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Hoffmann, R. A wiki for the life sciences where authorship matters. Nature Genetics (2008)

Chordoma: U-CH1 Cell Line

  • The U-CH1 cell line had an immunocytochemical profile usually found in chordomas: co-expression of S-100 protein, vimentin, EMA, and cytokeratin. [1]
  • U-CH1 and its parent tumor had almost the same CGH profile. [1]
  • The mean apoptosis index of chordoma cells was significantly lower compared with that of notochordal cells (2.1% ± 1.6% vs. 3.8% ± 1.6%, P=0.03). The mean proliferation potential index of chordoma cells was significantly higher than in notochordal cells (6.8% ± 1.2% vs. 2.1% ± 1.2%, P = 0.01). [2]
  • Microarray analysis, TaqMan RT-PCR, and Northern blot found up-regulation of miRNA-320 (hsa-miR-320c), miRNA-130 (hsa-miR-130b), miRNA-193 (hsa-miR-193a-5p), and miRNA-34 (hsa-miR-34a) in the U-CH1 and CH8 cell lines and in primary chordoma tissue. [3]
  • Microarray analysis, TaqMan RT-PCR, and Northern blot found down-regulation of miRNA-27 (hsa-miR-27a), miRNA-23 (hsa-miR-23a), miRNA-572 (hsa-miR-572), miRNA-128 (hsa-miR-128), miRNA-1268 (hsa-miR-1268), miRNA-628 (hsa-miR-628-3p), miRNA-101 (hsa-miR-101), miRNA-26 (hsa-miR-26a), miRNA-1228 (hsa-miR-1228), miRNA-940 (hsa-miR-940), miRNA-133 (hsa-miR-133a and hsa-miR-133b), miRNA-139 (hsa-miR-139-5p), miRNA-1 (hsa-miR-1), miRNA-206 (hsa-miR-206), miRNA-933 (hsa-miR-933), miRNA-95 (hsa-miR-95) in the U-CH1 and CH8 cell lines and in primary chordoma tissue. [3]
  • Microarray analysis found a drastic reduction in the expression of miRNA-1 (hsa-miR-1), miRNA-206 (hsa-miR-206), and miRNA-133 (hsa-miR-133a and hsa-miR-133b) in the U-CH1 and CH8 cell lines and in primary chordoma tissue. [3]
  • Western blot analysis found overexpression of the miRNA-1 targets Met and HDAC4 in the chordoma cell lines U-CH1, CH8, and GB60, and in eight primary chordoma samples. [3]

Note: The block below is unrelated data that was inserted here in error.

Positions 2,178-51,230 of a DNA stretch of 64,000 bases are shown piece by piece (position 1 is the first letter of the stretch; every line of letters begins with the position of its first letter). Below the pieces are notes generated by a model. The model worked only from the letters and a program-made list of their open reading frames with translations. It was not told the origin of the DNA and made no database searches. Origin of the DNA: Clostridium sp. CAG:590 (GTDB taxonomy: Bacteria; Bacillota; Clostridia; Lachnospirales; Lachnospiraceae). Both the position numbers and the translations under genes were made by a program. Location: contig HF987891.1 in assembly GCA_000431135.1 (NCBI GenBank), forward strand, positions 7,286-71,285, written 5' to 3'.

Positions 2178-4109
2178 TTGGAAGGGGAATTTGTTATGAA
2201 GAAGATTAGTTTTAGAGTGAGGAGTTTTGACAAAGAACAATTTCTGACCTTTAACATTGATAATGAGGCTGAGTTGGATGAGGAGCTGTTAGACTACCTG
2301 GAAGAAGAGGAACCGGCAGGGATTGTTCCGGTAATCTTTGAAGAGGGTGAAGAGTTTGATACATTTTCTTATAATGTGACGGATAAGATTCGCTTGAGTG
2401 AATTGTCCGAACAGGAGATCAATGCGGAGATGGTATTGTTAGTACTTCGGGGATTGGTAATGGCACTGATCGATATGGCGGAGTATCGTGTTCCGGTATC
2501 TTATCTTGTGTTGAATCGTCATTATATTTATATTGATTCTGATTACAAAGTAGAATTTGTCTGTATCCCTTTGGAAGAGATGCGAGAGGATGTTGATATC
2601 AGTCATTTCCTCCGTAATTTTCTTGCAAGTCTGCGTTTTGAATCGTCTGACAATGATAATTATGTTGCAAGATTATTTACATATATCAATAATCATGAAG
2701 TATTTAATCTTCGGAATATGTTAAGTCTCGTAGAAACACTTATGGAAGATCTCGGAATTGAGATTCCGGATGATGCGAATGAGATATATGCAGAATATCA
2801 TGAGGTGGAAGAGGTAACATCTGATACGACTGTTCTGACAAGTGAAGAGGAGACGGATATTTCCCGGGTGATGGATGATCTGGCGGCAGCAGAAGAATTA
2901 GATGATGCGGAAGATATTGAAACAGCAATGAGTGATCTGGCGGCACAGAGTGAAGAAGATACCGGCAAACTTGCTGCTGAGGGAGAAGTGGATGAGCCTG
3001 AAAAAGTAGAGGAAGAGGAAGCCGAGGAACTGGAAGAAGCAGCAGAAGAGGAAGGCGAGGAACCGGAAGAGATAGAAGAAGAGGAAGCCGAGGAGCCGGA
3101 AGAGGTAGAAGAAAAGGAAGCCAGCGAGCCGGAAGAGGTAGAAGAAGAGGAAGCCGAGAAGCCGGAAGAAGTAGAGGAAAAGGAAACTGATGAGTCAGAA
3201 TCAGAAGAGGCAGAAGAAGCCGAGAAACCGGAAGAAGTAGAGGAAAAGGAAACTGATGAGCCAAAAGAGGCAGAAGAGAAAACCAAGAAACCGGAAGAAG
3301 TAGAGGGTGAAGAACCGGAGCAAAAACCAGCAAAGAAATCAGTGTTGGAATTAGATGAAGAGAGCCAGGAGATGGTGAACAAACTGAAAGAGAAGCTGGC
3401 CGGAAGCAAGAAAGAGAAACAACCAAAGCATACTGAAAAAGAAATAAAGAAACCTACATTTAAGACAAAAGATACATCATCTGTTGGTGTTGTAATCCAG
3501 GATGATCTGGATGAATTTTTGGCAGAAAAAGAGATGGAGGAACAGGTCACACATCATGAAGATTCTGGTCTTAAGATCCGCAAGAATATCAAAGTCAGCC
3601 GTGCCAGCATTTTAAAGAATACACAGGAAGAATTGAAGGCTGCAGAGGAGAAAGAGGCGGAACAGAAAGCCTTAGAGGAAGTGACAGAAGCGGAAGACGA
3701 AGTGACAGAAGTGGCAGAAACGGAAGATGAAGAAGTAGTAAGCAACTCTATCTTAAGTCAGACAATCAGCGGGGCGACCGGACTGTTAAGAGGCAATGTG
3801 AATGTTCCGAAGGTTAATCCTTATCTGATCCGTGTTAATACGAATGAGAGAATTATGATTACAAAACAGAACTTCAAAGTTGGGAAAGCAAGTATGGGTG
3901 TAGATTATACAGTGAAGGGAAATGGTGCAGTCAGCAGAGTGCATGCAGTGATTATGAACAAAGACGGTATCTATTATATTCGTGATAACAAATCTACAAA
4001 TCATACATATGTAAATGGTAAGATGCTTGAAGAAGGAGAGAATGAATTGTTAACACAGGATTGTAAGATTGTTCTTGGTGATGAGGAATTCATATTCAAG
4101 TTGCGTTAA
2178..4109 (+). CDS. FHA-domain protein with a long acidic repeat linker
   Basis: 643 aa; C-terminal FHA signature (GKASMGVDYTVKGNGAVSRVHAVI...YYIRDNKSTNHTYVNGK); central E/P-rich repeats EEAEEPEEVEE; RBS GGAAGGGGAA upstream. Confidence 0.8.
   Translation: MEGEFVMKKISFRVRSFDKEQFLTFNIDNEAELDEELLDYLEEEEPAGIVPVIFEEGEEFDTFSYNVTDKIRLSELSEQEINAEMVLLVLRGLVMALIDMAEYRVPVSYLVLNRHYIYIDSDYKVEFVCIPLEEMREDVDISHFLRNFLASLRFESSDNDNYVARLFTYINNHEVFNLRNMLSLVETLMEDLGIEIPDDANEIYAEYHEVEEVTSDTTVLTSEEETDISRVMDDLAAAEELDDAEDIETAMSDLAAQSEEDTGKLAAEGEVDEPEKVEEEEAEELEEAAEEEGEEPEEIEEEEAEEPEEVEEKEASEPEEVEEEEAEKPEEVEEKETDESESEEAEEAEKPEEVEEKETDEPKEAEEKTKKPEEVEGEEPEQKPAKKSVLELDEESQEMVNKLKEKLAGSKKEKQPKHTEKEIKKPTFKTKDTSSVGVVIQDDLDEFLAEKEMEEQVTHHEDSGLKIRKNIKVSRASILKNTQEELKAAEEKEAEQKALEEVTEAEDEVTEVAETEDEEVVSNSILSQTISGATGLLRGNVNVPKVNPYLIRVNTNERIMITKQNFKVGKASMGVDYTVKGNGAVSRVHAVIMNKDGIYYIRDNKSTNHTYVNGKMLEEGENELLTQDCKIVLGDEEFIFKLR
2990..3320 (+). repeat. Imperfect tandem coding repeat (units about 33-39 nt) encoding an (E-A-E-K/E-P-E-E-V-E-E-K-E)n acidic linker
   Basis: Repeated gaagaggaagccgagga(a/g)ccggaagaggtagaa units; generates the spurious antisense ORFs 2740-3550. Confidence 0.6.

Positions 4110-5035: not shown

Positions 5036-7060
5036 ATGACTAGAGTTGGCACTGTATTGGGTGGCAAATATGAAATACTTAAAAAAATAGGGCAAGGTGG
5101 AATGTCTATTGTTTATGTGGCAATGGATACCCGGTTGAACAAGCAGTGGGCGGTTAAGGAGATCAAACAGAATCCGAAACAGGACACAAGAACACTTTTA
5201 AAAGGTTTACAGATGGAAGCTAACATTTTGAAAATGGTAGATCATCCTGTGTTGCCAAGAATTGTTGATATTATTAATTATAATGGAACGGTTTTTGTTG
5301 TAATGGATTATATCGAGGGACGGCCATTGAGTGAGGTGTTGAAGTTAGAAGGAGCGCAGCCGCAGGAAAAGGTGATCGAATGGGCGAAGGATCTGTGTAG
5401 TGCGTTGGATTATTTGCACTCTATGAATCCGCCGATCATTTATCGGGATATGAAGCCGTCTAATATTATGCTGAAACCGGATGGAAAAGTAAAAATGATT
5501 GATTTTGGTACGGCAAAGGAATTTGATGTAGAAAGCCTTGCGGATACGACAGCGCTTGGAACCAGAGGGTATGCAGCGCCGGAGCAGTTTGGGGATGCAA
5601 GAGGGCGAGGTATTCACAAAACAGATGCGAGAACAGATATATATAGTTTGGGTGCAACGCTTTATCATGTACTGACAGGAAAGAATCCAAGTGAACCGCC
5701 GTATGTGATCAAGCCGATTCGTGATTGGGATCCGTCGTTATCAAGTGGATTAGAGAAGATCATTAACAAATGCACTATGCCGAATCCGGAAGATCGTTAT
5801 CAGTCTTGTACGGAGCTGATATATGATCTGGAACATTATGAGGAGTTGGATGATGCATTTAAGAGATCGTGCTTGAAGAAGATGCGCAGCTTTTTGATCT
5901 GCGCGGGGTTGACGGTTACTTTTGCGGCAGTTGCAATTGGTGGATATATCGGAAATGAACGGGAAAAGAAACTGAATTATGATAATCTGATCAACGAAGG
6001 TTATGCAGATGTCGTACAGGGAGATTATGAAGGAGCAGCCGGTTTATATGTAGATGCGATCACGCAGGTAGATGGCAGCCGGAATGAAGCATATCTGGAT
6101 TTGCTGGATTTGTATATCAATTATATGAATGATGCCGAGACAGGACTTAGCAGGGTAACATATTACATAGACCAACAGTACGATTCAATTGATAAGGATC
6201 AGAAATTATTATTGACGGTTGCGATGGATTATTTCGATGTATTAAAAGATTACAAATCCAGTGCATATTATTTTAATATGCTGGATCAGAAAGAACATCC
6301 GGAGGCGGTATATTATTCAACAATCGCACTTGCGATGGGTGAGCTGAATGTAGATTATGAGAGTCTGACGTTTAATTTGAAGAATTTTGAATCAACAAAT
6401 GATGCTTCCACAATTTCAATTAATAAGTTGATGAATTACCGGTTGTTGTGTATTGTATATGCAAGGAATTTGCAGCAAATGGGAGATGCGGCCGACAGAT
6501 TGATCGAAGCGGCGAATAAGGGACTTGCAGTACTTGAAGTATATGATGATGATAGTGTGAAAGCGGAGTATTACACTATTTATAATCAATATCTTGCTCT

• Transfecting U-CH1 cells with miRNA-1 led to dose- and time-dependent decrease in Met expression. This also led to dose-dependent inhibition of cell growth. [3]
  • MTT assay found that cells from the U-CH1 chordoma cell line proliferated more rapidly in DMEM media and less rapidly in RPMI 1640. [4]
  • MTT and Hoechst assays indicated that growth of cells from the CH8, GB60, and U-CH1 chordoma cell lines was unaffected by oxygen and glucose concentrations. [4]
  • Cell numeration and Hoechst assays confirmed improved growth of cells from the CH8, GB60, and U-CH1 chordoma cell lines when cultured on collagen substrate. [4]
  • Microscopic observation of cultures from the novel 3D model of the CH8, GB60, and U-CH1 chordoma cell lines found that the chordoma cells became spheroid upon being seeded in the 3D culture. These cells formed clusters after 5 – 6 days and then developed into acini-like spheroids. Western blot analysis and immunofluorescence staining confirmed expression of the chordoma cell markers cytokeratin and vimentin. CH8 cells tended to proliferate more rapidly than GB60 or U-CH1 cells. [4]
  • MTT assay found that cells from the CH8, GB60, and U-CH1 chordoma cell lines were more sensitive to the chemotherapeutic drugs doxorubicin, yondelis, zalypsis, and cisplatin than to methotrexate or paclitaxel. [4]
  • Treatment of U-CH1 cells with PI-103 in conjunction with either doxorubicin or cisplatin led to synergistic increase in apoptosis. [5]
  • FISH analysis confirmed high polysomy of chromosome 6 in the U-CH1 chordoma cell line. [6]
  • Tyrphostin inhibited proliferation of U-CH1 cells in a dose-dependent manner, as assessed by an MTS assay. As cells slowed in proliferation, they also underwent morphological changes. [7]
Brachyury (T)
  • Lentiviral-delivered shRNA caused knockdown of brachyury in U-CH1 cell lines and resulted in cells with abnormal shapes, spindling, flattening, and extensive branching, which first appeared four days after infection and was progressive in nature. When the same experiment was performed on 293T and HeLa cell lines, no morphological or proliferative changes were observed. [8]
  • 65% of U-CH1 cells with knocked down brachyury stained positive for senescence-associated beta galactosidase, and this growth arrest was confirmed through observation of a very low cell density in brachyury knockdown cultures at two weeks after shRNA infection. [8]
  • Lentivirus-introduced hairpin knockdown of T in U-CH1 cells caused premature senescence and growth arrest, as indicated by spindling, flattening, extensive branching, and positive staining for beta galactosidase in 65% of cells. [6]
Receptor Tyrosine Kinase
  • Application of the EGFR tyrosine kinase inhibitor tyrphostin to U-CH1 cells resulted in spindling, reduced cell size, and decreased cell density. [8]
  • MTS indirect proliferation assay showed that the EGFR tyrosine kinase inhibitor tyrphostin inhibited growth of U-CH1 cells in a dose-dependent manner, resulting in a progressive reduction of cell number over 7 days. Removal of tyrphostin showed a recovery of cell number after 4 days. [8]